At the southern, “English” end of Akaroa, a public jetty was built at the end of Church Street in 1858-59. In 1887, the Akaroa Borough Council approved construction of a new main wharf. It was described at the time as the largest undertaking the “little borough” had yet attempted.
The wharf was built in 1887-88 and opened on 22 August 1888 by the mayor. A plaque set in concrete at the base of the wharf records the opening. From the concrete base a timber wharf extended into water deep enough for large coastal steamers to tie up. Though most shipping used the new wharf after 1888, the old Church Street wharf remained in use mainly by fishermen until it finally disappeared in the 1930s.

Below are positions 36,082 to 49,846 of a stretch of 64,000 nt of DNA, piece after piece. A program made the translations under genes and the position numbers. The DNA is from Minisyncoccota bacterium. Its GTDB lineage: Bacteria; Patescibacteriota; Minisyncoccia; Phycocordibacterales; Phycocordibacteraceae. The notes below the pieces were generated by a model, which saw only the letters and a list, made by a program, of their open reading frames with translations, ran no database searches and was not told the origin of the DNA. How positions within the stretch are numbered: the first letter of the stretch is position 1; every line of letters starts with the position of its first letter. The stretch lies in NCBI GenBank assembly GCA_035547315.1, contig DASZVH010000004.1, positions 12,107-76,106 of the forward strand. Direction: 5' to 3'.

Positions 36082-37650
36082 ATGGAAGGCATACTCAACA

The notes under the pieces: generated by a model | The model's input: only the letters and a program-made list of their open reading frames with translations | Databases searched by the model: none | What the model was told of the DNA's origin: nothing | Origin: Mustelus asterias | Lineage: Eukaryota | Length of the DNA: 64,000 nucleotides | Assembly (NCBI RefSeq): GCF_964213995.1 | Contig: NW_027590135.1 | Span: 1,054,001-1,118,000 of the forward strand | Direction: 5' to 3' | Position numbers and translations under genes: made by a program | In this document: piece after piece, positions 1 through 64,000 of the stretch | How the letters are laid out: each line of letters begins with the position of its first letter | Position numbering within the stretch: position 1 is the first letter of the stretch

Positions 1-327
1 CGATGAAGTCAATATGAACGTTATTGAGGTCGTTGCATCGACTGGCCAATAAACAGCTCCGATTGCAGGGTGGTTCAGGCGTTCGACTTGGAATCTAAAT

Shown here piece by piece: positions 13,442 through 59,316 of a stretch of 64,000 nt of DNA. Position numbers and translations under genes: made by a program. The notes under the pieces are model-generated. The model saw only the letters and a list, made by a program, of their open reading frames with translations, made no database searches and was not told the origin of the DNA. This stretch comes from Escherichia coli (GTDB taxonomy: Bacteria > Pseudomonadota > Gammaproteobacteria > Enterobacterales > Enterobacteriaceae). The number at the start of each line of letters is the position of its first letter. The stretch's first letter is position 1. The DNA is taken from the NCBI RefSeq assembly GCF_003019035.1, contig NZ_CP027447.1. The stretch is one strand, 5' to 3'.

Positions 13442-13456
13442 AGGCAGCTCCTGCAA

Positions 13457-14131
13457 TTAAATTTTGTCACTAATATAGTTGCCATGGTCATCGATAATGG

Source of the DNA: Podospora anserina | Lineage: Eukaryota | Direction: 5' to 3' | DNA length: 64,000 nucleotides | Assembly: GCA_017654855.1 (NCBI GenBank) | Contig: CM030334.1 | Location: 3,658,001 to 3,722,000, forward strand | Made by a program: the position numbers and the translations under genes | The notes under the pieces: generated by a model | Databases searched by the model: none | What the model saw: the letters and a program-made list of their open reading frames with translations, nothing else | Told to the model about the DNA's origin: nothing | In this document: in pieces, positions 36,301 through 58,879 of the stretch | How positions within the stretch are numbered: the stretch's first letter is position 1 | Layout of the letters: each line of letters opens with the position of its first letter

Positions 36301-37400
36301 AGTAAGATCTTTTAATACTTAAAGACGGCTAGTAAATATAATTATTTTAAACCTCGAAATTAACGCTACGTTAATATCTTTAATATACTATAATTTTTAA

The structures on the Town Wharf have changed in size, appearance and use through the years. With the decline of both coastal shipping and, somewhat later, the local fishing industry, the wharf is now used mainly by boats taking visitors to Akaroa out onto the harbour for sight-seeing or to swim with the local population of the rare Hector’s dolphin.